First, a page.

- Elliott-Farrelly T: Australian Aboriginal suicide: the need for an Aboriginal suicidology?. Aust e-J Adv Mental Health. 2004, 3: 138-145. 10.5172/jamh.3.3.138.View ArticleGoogle Scholar
- Hunter E, Milroy H: Aboriginal and Torres Strait Islander suicide in context. Arch Suicide Res. 2006, 10: 141-157. 10.1080/13811110600556889.View ArticlePubMedGoogle Scholar
- Western Australia Department of Justice Suicide Prevention Taskforce: Suicide in prison. 2002, WA Department of Justice, PerthGoogle Scholar
- Simpson G, Tate R: Suicidality in people surviving a traumatic brain injury: Prevalence, risk factors and implications for clinical management. Brain Injury. 2007, 21: 1335-1351. 10.1080/02699050701785542.View ArticlePubMedGoogle Scholar
- Oquendo MA, Friedman JH, Grunebaum MF, Burke A, Silver JM, Mann JJ: Suicidal behaviour and mild traumatic brain injury in mild depression. J Nerv Ment Dis. 2004, 192: 430-434. 10.1097/01.nmd.0000126706.53615.7b.View ArticlePubMedGoogle Scholar
- Borges G, Loera CR: Alcohol and drug use in suicidal behaviour. Curr Opin Psychiatry. 2010, 23: 195-204. 10.1097/YCO.0b013e3283386322.View ArticlePubMedGoogle Scholar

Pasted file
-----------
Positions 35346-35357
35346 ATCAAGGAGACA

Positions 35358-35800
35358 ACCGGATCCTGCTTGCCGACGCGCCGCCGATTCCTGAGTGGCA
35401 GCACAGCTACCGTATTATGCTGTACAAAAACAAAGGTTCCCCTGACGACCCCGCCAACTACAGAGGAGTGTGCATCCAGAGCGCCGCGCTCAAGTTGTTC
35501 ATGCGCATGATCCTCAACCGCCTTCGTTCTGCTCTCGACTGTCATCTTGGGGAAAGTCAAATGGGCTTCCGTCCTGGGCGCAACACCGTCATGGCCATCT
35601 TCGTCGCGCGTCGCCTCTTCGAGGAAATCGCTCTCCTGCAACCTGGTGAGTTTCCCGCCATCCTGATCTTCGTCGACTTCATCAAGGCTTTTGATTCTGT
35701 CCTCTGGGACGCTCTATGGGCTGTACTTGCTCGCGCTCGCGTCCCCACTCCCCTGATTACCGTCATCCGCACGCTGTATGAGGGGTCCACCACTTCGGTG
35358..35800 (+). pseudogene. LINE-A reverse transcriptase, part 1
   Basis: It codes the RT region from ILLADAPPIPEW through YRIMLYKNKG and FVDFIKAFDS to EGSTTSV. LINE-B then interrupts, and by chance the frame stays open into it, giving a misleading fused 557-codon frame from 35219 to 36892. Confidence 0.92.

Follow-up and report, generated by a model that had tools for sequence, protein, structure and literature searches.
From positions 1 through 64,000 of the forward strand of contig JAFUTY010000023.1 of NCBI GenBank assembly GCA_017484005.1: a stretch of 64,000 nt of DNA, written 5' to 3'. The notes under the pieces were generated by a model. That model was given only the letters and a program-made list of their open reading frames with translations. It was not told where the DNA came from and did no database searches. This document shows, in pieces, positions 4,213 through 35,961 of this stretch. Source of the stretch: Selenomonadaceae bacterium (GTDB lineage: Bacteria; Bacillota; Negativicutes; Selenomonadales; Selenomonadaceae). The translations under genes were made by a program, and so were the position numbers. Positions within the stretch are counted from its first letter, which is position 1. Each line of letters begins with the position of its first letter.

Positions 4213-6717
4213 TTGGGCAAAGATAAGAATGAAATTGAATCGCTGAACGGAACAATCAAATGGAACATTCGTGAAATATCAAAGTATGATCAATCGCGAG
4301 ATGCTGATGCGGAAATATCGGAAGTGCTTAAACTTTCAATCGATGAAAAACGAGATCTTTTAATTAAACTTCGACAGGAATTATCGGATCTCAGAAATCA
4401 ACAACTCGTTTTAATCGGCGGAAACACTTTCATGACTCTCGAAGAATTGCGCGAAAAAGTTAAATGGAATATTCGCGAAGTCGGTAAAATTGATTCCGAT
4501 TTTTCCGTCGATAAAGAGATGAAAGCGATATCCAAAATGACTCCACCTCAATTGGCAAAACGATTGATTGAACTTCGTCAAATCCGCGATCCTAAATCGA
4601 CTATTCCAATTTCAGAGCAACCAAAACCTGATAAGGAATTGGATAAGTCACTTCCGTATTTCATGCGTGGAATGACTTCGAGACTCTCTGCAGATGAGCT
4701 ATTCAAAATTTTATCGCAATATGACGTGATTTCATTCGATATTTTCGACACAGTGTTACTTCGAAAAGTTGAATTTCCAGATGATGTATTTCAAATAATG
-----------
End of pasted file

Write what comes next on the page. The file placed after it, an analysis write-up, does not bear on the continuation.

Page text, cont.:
- Bebbington P, Minot S, Cooper C, Dennis M, Meltzer H, Jenkins R, Brugha T: Suicidal ideation, self-harm and attempted suicide: results from the British psychiatric morbidity survey 2000. Eur Psychiatry. 2010, 25: 427-431.View ArticlePubMedGoogle Scholar
- Dube SR, Anda RF, Felitti VJ, Chapman DP, Williamson DF, Giles WH: Childhood abuse, household dysfunction, and the risk of attempted suicide throughout the life span: findings from the adverse childhood experiences study. JAMA. 2001, 286: 3089-3096. 10.1001/jama.286.24.3089.View ArticlePubMedGoogle Scholar
- Nock MK, Hwang I, Sampson NA, Kessler RC: Mental disorders, comorbidity and suicidal behavior: results from the national comorbidity survey replication. Molecular Psychiatry. 2010, 15: 868-876. 10.1038/mp.2009.29.View ArticlePubMedGoogle Scholar
- Hawton K, Harriss L, Zahl D: Deaths from all causes in a long-term follow-up study of 11583 deliberate self-harm patients. Psychol Med. 2006, 36: 397-405. 10.1017/S0033291705006914.View ArticlePubMedGoogle Scholar
- The pre-publication history for this paper can be accessed here:http://0-www.biomedcentral.com.brum.beds.ac.uk/1471-2458/12/14/prepub
This article is published under license to BioMed Central Ltd. This is an Open Access article distributed under the terms of the Creative Commons Attribution License (http://creativecommons.org/licenses/by/2.0), which permits unrestricted use, distribution, and reproduction in any medium, provided the original work is properly cited.